I'm booked to go to Everest and Gokyo Lakes departing on 2nd November 2011. Is anyone else booked on this trip? Very excited about going! Anyone got any good tips?
I am going on this trip, I am excited as the scenery will be awesome but I'm also feeling a bit apprehensive at the moment.
I am feeling a bit nervous about it as I have not started any training as yet and am also a bit concerned about the cold at night!
I am going to Mount Kailash next week, so I'm hoping that will give me a good experience of high altitude trekking, however Gokyo lakes will be alot tougher.
How are you preparing for Gokyo?
Dids - thank you for the advice! It's so hard to get hill practice in. I live in Hampshire, England and there aren't a lot of big hills around! Will take some poles :)
Kamal - get training! I climbed Kilimanjaro last year and the only thing that helps is walking, walking and more walking! It doesn't hurt to be fit e.g. running, cycling, swimming but try and get a few long walks in before you go e.g. 5-6 hours. I was doing some running over the summer but currently walking twice a week. Kili was cold but a 4 season sleeping bag (with a hood) will serve you well. I have a synthetic bag (half the price of a down bag) and found this to be sufficient. Make sure you have some thermals with you. I am taking 2 sets of tops and bottoms. You can wear these at night along with socks, gloves and a hat!
I can't wait to go now!
Hi. I did EBC and Gokyo in April/May and it was tough, but so worth the effort. It was tough because I hadn't put in any hill training. Like you Emily, I live in the South and we're not renowned for our mountains in this part of the country. If you have a good fitness base, you'll be fine.
Take at least a couple of water bottles, including a Sigg that you can get filled with boiled water. That way, you get a hot water bottle for nighttime and it cools to drinking temperature by morning. I suggest water purification tablets as water - even boiled - becomes ridiculously expensive the higher you go. Also, if you can, pack some chocolate and any snacks you like (bearing in mind the porters have to carry it all) as while you can get it at the lodges, it becomes increasingly expensive.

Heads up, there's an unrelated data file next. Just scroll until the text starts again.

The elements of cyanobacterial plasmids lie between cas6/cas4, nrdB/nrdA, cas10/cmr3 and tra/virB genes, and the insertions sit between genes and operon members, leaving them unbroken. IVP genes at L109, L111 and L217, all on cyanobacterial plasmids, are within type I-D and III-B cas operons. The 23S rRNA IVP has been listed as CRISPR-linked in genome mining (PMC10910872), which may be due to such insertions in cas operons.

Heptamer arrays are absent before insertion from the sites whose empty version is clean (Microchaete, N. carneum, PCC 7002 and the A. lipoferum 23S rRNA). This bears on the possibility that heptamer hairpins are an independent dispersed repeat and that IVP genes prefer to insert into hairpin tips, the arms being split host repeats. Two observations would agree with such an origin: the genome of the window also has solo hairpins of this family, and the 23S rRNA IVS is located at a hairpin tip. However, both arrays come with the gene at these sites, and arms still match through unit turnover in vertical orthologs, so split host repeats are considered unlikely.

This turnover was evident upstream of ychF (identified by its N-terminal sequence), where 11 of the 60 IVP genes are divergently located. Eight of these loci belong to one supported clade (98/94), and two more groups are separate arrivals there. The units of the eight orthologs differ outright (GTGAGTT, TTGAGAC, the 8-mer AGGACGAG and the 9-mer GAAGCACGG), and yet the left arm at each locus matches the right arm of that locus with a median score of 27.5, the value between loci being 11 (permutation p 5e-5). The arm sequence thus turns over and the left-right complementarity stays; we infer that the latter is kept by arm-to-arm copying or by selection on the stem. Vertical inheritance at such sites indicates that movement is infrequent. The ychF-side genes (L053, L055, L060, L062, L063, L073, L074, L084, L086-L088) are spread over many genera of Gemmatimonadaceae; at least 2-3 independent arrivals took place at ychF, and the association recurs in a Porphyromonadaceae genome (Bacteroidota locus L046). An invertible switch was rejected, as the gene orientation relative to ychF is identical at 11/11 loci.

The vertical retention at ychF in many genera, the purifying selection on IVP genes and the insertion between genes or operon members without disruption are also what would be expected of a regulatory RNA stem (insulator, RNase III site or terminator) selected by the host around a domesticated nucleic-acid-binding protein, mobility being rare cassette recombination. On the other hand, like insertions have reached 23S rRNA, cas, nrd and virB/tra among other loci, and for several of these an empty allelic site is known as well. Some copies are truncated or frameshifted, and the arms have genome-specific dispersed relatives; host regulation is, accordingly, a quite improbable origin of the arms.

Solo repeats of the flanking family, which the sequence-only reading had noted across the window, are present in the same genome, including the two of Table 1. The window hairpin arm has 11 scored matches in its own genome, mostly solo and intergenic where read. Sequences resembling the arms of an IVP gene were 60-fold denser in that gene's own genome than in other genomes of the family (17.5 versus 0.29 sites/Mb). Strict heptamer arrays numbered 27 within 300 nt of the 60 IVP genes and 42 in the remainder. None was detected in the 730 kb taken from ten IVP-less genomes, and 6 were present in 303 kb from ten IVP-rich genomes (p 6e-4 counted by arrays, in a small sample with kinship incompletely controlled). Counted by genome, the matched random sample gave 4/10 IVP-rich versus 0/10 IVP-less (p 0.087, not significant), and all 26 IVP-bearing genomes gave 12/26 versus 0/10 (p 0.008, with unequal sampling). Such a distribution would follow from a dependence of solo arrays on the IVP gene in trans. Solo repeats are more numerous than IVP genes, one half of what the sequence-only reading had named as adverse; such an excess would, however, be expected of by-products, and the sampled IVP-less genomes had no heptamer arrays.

Try to avoid charging phone or camera batteries as they don't charge very well. Best to carry a spare with you (for your camera). You will take lots of photos!
I also took walking poles and they were invaluable when we did the Cho La Pass and on the descent at the end of the trek. The Cho La was the bit I dreaded the most, but that turned out to be the day I loved the most.
You don't need to take diamox or anti-tummy bug medication as your guide will have a supply. If you've suffered from altitude sickness before, then you're advised to take diamox from the start - this was the advice we were given at the Machermo medical post. If in doubt, take it. Your guide will advise you.
Finally, we also had Passang leading our group and he is Mr Fixit Extraordinaire! You will be in very good hands if he's leading your group.
Ooh and last one...if you can, take some spare clothing and consider leaving water bottles and anything you don't need for the porters at the end of your trek. They were amazing, work very, very hard and will be very grateful for whatever you can pass on to them.
I hope this helps. You're in for a fantastic experience.
Thank you for the advise everyone, very much appreciated!
Not long to go now! Anyone else booked on? They said there were 9 of us and one other holding a space. I'm travelling with my Dad.
I've just returned from Nepal and have some Nepali currency that I missed changing at the airport. R2500 (plus a few smaller notes) - would be useful on arrival for tips, beer etc. At current rate about £20, but call it £15 to get rid of it. I'm in Loughborough if anyone is close, although I can post.
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